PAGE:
New Native Languages, May 08, 2012 D, Go, Vala, and Rust: A new generation of native languages.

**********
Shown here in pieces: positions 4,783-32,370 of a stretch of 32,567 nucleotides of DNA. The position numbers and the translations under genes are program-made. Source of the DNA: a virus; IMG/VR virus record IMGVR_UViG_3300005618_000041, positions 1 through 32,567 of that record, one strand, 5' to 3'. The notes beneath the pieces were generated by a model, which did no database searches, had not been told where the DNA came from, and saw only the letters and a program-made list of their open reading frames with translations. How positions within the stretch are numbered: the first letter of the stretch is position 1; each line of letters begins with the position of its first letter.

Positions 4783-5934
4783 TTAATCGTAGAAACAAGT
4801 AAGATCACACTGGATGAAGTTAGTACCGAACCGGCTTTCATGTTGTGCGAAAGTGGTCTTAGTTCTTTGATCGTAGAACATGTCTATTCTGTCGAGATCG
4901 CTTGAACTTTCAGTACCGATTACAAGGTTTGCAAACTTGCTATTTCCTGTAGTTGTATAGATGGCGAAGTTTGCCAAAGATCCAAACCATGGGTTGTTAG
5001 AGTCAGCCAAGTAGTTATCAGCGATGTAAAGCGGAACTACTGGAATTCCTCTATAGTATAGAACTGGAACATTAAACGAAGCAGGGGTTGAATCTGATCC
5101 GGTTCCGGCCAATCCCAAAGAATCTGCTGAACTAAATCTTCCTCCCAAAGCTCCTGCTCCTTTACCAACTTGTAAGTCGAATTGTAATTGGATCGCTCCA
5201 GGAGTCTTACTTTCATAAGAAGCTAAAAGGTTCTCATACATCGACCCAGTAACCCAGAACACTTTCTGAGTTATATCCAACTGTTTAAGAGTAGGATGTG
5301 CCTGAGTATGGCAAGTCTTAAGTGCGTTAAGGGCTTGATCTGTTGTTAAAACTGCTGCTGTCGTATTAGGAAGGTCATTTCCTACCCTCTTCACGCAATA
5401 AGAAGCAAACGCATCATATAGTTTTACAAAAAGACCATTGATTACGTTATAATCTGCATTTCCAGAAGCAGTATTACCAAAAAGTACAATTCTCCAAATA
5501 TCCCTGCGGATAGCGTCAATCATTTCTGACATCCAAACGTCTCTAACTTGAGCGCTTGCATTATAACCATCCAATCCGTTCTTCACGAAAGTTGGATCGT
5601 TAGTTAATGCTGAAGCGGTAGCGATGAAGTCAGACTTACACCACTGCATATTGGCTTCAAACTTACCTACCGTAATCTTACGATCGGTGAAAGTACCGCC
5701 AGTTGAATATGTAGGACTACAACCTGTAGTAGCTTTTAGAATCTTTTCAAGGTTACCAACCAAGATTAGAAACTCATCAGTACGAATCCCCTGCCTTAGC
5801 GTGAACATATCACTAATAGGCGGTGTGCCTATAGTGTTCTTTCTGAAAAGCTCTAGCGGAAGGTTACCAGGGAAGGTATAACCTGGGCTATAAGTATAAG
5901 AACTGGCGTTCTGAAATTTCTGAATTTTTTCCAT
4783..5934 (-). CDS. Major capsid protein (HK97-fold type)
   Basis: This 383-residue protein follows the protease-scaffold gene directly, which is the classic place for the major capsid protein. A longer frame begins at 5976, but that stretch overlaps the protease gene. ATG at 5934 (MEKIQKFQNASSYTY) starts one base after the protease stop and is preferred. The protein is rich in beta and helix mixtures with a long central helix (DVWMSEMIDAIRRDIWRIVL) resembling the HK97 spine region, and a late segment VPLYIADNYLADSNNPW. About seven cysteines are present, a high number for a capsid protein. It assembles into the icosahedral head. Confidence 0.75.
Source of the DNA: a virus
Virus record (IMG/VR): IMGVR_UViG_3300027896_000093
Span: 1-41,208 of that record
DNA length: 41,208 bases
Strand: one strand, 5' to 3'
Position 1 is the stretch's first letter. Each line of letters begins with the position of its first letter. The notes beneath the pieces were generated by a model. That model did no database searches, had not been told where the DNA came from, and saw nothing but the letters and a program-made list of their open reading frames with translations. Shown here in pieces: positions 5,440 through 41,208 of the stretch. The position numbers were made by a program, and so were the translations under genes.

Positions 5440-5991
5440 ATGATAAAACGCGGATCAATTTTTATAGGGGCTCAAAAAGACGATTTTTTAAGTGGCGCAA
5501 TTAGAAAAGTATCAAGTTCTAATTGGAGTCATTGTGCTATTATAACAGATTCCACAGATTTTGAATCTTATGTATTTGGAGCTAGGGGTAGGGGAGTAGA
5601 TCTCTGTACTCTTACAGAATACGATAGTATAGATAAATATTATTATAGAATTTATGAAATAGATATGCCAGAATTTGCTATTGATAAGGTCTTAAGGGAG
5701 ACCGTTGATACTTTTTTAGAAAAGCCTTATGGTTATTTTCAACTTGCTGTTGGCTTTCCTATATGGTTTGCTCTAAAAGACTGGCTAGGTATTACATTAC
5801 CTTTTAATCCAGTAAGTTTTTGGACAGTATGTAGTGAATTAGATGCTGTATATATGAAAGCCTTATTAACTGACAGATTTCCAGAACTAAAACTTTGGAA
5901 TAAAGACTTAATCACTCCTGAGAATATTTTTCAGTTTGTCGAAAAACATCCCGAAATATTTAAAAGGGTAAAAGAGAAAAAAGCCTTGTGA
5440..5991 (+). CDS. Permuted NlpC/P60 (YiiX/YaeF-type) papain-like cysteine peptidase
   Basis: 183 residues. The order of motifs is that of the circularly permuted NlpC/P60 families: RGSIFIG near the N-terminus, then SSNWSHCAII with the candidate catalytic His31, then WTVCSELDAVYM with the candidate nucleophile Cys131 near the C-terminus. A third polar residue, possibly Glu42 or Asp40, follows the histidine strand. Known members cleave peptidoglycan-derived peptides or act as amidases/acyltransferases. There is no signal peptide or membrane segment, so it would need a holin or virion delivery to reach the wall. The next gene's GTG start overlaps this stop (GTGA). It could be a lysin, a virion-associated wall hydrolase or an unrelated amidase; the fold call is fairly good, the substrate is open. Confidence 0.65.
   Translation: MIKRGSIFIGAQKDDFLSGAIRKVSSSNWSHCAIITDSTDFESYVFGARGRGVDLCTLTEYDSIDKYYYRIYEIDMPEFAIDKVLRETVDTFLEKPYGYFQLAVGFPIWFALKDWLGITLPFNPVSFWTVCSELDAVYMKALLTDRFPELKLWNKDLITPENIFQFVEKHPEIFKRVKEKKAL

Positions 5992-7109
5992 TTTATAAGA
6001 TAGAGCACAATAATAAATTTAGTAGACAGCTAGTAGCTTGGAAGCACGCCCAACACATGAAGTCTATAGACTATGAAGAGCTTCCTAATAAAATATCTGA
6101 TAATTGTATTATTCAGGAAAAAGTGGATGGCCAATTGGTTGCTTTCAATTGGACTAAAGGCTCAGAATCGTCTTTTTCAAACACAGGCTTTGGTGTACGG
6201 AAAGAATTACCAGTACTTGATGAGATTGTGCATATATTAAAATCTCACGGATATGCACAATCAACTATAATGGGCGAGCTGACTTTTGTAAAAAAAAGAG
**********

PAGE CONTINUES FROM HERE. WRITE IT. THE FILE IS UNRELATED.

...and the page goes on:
Go is the native language emerging from Google. It's written by a small team headed by Ken Thompson and Rob Pike of UNIX fame. The language has strong support for concurrency and uses a concept called "channels," which involves synchronized message passing (rather different than actors). Among the other notable features is mandatory garbage collection, which is unusual for native languages. (While obviously not mandatory, you can add garbage collection to C and C++ using the Boehm GC library.) Despite GC, performance figures on the Alioth benchmarks show Go to to run about one-third the speed C/C++. (However, I'm not sure that those benchmarks make much use of garbage collection, so I'm not convinced they accurately represent its performance.) Go only just reached version 1.0 status, and so should be viewed as still experimental. To wit, it only recently supported Windows as a principal platform. However, Google has signaled its commitment to the language — using it both internally and supporting it on the Google App Engine. We'll be covering Go in upcoming articles on Dr. Dobb's.